Subject: I have found a DVD that I think you would enjoy
|The Last Man on Earth|
Actors: Vincent Price, Franca Bettoia, Emma Danieli, Giacomo Rossi-Stuart, Umberto Raho
Directors: Sidney Salkow, Ubaldo Ragona
Genres: Indie & Art House, Classics, Drama, Horror, Science Fiction & Fantasy
No Description Available. Genre: Science Fiction Rating: NR Release Date: 4-DEC-2007 Media Type: DVD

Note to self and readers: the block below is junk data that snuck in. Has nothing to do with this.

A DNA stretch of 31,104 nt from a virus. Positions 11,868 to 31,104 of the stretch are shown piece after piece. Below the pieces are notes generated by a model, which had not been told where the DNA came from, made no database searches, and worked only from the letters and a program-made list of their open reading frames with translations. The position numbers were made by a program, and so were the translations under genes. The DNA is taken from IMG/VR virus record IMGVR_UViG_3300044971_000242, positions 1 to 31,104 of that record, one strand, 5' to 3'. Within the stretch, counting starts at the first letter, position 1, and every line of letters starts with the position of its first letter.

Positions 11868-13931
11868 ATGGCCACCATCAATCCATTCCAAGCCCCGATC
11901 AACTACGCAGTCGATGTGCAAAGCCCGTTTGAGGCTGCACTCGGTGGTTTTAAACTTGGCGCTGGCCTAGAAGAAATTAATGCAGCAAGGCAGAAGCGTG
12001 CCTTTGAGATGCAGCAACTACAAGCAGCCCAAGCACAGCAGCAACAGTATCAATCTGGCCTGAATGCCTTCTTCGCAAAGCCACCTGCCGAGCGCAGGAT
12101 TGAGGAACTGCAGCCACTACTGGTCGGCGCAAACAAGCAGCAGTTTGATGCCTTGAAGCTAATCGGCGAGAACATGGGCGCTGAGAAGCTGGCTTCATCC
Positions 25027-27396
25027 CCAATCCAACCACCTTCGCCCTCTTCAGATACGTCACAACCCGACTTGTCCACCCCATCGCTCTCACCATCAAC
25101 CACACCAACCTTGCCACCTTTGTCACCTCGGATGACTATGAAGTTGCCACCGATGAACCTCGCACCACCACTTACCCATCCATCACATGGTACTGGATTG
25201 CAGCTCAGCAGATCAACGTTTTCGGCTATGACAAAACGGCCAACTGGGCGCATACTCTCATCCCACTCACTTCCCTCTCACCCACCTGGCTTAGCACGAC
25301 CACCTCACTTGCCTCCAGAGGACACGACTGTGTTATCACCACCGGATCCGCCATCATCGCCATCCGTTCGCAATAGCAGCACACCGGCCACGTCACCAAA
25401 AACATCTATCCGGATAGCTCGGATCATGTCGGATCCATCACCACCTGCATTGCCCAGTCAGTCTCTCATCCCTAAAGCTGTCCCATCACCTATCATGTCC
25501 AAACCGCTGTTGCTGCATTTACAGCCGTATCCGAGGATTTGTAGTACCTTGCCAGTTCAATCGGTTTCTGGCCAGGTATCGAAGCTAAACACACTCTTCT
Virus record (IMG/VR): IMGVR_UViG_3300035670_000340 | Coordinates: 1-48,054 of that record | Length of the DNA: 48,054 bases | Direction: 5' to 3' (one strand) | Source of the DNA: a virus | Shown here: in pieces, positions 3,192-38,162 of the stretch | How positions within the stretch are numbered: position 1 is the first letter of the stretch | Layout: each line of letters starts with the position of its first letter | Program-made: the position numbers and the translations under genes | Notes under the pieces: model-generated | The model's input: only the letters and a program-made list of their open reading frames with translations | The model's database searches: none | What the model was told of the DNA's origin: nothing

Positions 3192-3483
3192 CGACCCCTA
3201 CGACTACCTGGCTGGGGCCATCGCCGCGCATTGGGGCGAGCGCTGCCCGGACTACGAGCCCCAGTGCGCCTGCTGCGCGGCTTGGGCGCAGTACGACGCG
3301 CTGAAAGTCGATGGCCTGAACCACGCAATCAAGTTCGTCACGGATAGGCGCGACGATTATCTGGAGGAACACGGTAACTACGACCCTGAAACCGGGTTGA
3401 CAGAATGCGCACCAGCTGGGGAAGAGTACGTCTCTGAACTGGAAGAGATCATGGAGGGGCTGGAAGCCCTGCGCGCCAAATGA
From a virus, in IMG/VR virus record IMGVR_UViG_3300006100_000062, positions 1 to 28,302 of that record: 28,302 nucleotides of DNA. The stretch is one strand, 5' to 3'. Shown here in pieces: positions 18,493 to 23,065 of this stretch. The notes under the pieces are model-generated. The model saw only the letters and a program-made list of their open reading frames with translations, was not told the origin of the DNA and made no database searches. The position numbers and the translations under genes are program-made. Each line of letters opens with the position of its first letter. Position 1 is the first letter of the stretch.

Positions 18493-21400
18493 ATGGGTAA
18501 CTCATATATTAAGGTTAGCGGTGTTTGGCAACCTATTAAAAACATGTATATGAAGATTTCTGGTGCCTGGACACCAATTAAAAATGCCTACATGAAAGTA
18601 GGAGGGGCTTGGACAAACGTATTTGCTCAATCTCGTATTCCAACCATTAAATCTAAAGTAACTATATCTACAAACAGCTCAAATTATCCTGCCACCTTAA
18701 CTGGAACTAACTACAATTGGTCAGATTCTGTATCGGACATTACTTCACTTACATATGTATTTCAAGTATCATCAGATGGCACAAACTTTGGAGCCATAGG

Similarly Requested DVDs
Don't be the last man to see this incredible horror film
Daniel Jolley | Shelby, North Carolina USA | 01/22/2003
(5 out of 5 stars)